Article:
I've seen a lot of different thoughts about "original equipment manufacturers" and "original design manufacturers" recently, so I figured I'd offer my observations from my time working in Shenzhen for my IoT company.
Backstory: we’re partnered with Qualcomm to cloud enable bluetooth mesh technology across myriad US, Asian, and European based companies, primarily for lighting and smart home products in consumer/commercial markets. I spent about 6 months in Shenzhen and Hong Kong during 2017 putting together the supply chain partnerships.
From what I’ve experienced, “brand,” i.e. the companies we’re familiar with as consumers, and Original Equipment Manufacturer “OEM” are used interchangeably, while Original Design Manufacturer “ODM” refers to the “factory.”
In most of my interactions, there is a tight albeit painful relationship between the OEM and ODM in consumer electronics because cooperation between multiple vendors is often required to get a product to market, especially in IoT. Typically, the most differentiated intellectual property (IP) is in the hands of the OEM (brand)— industrial design, software, firmware, and it’s in their best interests to obfuscate as much as possible throughout the supply chain to make it harder to replicate the technology, which everyone assumes will happen. And it does. This is especially true during the rise of the IoT, where connectivity challenges plague both sides of the pond, and clever solutions are the 11th hour superpower everyone is fighting to find first to use as leverage in the supply chain.
There is another class of manufacturers— not sure the technical name, but we call them “module makers” — companies that specialize in the design and production of drop-in PCB modules for various connectivity chipsets to make them easier to productize. An example would be ITON, who provides chips for several of GE’s products to the prime ODM (such as Leedarson or Eastfield) who is responsible for final assembly (note: many ODMs are also module makers— they keep chips in house to maximize control and profits).
Both ODMs and module makers participate in a process of product innovation that presupposes the market. Chipmakers (and other tech vendors) like Qualcomm send their reps out to the factories to demo new silicon technology in the form of a “reference design” in a bid to get the ODM to create a module or product based on that chipset that answers to a trend they’ve noticed from their OEM/brand customers. In this way, the ODM bears the R&D cost as a bet for business, but doing so gives them a chance to retain the right to get a royalty on every module sold. Ask an ODM to hand over any firmware they've made and they’ll tell you with their sweet puppy dog eyes “eat my shorts” because it’s how they keep you from just taking everything to another vendor.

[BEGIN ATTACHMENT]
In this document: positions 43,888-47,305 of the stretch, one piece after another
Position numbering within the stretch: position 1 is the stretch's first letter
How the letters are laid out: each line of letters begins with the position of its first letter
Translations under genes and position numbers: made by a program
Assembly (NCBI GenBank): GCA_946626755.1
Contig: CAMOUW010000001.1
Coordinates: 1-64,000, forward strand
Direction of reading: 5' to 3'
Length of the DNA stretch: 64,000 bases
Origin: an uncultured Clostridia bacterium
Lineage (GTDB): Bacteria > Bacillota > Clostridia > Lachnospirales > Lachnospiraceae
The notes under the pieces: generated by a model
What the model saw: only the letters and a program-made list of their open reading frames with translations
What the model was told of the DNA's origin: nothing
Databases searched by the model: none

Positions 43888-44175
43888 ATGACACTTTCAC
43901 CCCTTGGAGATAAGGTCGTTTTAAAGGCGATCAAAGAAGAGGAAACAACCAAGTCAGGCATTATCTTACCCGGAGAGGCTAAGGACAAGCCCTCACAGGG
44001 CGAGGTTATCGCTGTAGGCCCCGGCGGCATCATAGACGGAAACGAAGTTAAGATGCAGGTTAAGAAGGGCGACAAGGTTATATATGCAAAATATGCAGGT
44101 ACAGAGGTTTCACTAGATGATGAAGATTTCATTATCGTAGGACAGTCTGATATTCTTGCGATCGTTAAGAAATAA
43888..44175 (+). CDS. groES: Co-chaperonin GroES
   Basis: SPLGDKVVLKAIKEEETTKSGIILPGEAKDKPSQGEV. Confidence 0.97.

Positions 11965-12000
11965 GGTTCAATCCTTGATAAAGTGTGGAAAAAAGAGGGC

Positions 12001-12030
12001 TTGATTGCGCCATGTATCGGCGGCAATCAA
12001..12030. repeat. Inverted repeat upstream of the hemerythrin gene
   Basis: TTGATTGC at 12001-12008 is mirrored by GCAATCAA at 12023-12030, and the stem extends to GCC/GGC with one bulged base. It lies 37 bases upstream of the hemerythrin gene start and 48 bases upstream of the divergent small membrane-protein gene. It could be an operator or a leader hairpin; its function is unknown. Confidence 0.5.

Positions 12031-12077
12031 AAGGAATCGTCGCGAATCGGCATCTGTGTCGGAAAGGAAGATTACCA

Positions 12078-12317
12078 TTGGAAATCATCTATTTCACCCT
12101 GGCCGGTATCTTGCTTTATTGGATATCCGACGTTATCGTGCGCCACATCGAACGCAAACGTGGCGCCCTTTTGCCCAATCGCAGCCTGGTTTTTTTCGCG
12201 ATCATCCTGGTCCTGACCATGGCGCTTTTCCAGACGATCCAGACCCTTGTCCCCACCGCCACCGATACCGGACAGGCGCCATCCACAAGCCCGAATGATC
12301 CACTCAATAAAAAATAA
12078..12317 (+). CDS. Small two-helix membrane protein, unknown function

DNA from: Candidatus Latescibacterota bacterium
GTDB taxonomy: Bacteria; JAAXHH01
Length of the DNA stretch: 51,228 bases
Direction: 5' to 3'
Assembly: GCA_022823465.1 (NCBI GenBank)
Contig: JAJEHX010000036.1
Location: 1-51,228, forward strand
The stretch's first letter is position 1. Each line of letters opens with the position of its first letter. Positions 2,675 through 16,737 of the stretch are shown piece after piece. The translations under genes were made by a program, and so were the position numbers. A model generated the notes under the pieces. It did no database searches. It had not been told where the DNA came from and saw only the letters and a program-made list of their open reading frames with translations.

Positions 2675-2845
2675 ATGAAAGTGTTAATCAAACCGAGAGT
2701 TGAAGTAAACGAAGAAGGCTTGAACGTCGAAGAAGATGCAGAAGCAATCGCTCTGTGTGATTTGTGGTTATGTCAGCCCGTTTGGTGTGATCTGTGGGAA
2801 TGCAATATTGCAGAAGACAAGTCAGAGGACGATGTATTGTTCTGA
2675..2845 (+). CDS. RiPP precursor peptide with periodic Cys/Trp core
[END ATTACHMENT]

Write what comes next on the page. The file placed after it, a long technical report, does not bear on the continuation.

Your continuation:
For brands like Home Depot (or more generally companies less interested in designing hardware) these ODMs are essential because they are flexible enough to develop a catalog of partially developed products on speculation— whatever successfully sells up the food chain at Home Depot, they make real (note: the “make real” part is where a lot hits the fan because this stuff is hard to scale).
The OEM-ODM-module maker ecosystem creates a sort of “it takes a village to make a product” atmosphere, but with grumpy uncles, annoying neighbors, and meddling kids abounding. There's a constant sense of quiet espionage on both sides, although that tends to get better if you develop a direct relationship with your mfg partners. Western business has evolved to sustain trust with purely transactional relationships-- this is way less true in places like China. Go to lunch with them and take them to dinner a few times, invite them to Macau, get them drunk and having fun with you. These relationships are insurance policies on getting screwed. Further, having boots on the ground near your manufacturing is practically a requirement nowadays if you want to have any hope of your supply chain operating smoothly.
In the case of a brand like Apple, who meticulously defines and controls every little detail of their product and supply chain works with an Electronic Manufacturing Services company “EMS” like Foxconn who primarily invest only in building other designs precisely to specification.
So OEM v. EMS: OEM: “build this for me, exactly like this, and don’t ask too many questions, or I’ll eat your children.”
The ODM/OEM relationship is a bit shakier:
OEM: “build this for me, and pretty please do your best not to use lead paint or explode my users.”
All that said, many companies I’ve encountered are chimeric— companies that usually do business as an EMS could also be caught as an ODM if the opportunity is right. I’ve wracked my brain over how to approach meetings with ODMs that also have an OEM/brand side to the company. The ODM side is a potential partner while the OEM side is a potential customer— in the already confusing world of IoT this can be quite the rollercoaster.
I could be off, but the cash value of the above has navigated me through hella lots of conversations from ivory tower to where the dog food gets made. It is a truly global and complex web of associations, across cultural, language, political, and social boundaries. Read “Poorly Made in China” and “Barbarians at the Gate” to see the differences in East vs. West strategies for business success, which I see as orthogonal values of Replication and Dominance.
If you’re interested, here’s a great article by a Shenzhen based supply chain expert: https://www.linkedin.com/pulse/3-types-partners-product-managers-can-use-development-changtsong-lin/
Thanks for reading! Our company is expert at IoT integrations, and we thrive on building ecosystems of partners with positive feedback loops on new services and revenue streams. Kindred spririts, please reach out to me at [email protected].
COO @ Droplit